Birth Certificate, my story.
I am by no means an expert, but I have been through the process of obtaining a birth certificate twice now, and in my sleep-deprived state, I will attempt to give you a few of the tips I’ve learned.
My boys, born two years apart, were also born in different counties. The youngest born this year in San Francisco City/County, and the eldest in 2013 in San Mateo county. As an expectant mom, this was one of the things I had researched somewhere in my second trimester, around the same time I was meticulously packing my hospital bag with all sorts of unnecessary items…(the hospital gives you a lot of what you’ll need in those first few days). As it turns out, getting the birth certificate for your little one is pretty simple. The hospital admin staff know that you have other things on your mind after the baby is born, so they hound you with paperwork until you complete it. Among these forms is one that they pass on to the county, to register your baby’s birth. You have to complete this after you have a name and before you leave the hospital. (They say that if you can’t decide on a name you can fill in additional paperwork, and still be allowed to leave, but this sounds like a lot of hassle, so I advise you to choose a name before you and baby are discharged.)
So what can you do?
Step one – you decide on a name and fill out the paperwork in the hospital.
Step two – take the baby home, enjoy cuddles, and sleepless nights.
Step three – Four months down the line remember that you haven’t actually gotten the kid’s birth certificate yet, and take steps to do so.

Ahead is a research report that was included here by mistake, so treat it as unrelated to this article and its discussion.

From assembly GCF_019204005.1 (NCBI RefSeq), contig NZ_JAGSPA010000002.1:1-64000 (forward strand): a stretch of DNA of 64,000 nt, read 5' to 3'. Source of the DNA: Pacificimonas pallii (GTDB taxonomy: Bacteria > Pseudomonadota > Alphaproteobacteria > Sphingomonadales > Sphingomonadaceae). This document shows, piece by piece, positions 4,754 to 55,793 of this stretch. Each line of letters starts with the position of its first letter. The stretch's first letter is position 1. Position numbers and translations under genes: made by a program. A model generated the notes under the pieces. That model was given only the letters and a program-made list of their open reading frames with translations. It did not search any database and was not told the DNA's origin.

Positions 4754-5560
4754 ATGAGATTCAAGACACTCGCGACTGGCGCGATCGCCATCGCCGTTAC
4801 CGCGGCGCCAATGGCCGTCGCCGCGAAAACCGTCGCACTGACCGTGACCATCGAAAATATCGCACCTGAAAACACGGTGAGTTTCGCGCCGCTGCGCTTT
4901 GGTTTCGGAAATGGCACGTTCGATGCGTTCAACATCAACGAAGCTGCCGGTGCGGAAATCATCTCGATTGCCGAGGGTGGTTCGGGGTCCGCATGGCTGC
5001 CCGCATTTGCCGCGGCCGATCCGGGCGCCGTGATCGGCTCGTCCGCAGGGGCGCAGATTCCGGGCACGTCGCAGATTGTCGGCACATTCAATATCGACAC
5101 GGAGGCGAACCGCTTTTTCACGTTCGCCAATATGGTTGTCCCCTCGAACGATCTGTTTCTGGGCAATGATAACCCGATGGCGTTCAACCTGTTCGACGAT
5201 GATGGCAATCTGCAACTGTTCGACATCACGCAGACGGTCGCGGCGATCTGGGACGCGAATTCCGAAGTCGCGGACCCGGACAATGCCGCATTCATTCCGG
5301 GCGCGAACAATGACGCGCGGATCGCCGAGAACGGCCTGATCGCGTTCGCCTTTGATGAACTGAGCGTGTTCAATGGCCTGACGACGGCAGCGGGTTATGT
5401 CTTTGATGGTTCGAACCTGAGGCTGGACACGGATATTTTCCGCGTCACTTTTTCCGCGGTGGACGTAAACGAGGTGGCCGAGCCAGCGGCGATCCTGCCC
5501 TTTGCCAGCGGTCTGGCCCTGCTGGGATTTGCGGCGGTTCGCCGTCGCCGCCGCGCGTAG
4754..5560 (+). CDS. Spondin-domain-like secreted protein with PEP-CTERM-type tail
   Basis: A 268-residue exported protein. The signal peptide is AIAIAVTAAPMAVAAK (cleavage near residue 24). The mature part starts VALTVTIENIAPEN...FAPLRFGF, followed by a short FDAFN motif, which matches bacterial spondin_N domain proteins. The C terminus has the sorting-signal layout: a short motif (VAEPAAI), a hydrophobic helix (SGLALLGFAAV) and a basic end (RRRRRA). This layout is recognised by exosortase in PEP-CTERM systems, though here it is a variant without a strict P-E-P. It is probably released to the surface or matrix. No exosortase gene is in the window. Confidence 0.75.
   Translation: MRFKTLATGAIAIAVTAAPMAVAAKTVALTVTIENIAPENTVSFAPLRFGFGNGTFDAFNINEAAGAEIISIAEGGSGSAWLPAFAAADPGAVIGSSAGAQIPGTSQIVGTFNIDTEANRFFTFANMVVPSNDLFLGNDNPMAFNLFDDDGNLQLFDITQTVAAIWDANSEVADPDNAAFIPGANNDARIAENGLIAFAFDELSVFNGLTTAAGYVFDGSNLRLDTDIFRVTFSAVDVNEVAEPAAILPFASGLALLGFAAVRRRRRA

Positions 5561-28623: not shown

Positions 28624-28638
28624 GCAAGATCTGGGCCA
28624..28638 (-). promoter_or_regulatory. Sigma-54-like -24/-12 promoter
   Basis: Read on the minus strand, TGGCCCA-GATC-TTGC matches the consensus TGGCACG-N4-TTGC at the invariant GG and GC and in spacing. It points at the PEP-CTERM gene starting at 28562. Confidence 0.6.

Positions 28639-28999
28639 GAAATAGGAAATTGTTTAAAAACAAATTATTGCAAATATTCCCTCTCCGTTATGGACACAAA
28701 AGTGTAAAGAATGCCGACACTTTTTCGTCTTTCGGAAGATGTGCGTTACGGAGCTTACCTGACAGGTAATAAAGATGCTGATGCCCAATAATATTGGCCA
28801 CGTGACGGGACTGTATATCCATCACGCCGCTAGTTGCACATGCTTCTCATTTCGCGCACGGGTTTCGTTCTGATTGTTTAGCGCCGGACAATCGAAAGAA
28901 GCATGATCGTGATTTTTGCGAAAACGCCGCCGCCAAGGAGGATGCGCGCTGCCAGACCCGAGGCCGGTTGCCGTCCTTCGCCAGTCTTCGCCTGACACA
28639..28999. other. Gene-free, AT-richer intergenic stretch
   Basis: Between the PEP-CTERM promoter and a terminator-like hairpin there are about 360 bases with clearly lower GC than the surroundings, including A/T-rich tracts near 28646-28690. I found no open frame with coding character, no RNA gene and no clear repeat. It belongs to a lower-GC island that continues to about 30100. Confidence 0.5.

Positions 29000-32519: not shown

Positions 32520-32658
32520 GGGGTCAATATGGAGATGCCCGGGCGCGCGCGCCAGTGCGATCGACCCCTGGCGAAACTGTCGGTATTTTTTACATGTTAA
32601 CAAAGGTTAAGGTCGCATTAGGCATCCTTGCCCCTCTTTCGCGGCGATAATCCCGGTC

Step four – Find the website for your local county clerk office, (the place in charge of issuing birth certificates):
We’ve done that for you here:
- San Francisco Department of Public Health Office of Vital Records – Phone (415) 554-2700
- San Mateo County Assessor-County Clerk-Recorder’s Office – Phone (650) 363-4500
- County of Santa Clara Office of the Clerk Recorder – Phone (408) 299-5688
Most counties have the option to get a birth certificate by mail, or in person. Santa Clara even has an online option. In most cases, if you go in person, both parents must be present and provide ID, (another reason to do this sooner than later – it can be a nice little trip, while you and your partner are on parental leave.) We went in person to the San Mateo office to get our first son’s birth certificate. It was simple and quick, probably 20 minutes total, not at all like visiting the Department of Motor Vehicles! The certificates were produced right then (I suggest getting two or three) and there was no appointment needed. The office was easy to find, not far from Hillsdale Mall.
My second son was born in San Francisco County, and we did not fancy a trip into the center of the city with two kids in tow, to pick up a few pieces of paper, so I obtained his birth certificate through the mail. I completed a simple form, downloaded from their site (see above), and filled it in. The only extra step was having to get the form notarized, but this was easy enough at our local UPS store, and only cost about $10. I sent all the paperwork off and got the certificates back within a week. I experienced a slight delay because I sent a check, which they don’t accept. Someone from the office called to inform me, and I was able to give a credit card over the phone. Obviously, use caution when giving credit card information over the phone. I verified a few details before I did so.
Why do you need a birth certificate?
Obtaining a birth certificate is the first step in getting your child an American passport. YES – being born in America automatically entitles your child to an American passport and citizenship. You will also need the birth certificate when enrolling your child in school, sports etc later in life.
Now you have a Birth certificate, it’s time to get baby a passport:
Expecting expats need to accumulate all the traditional baby gear plus an American passport for their American baby if they plan to go back ‘home’.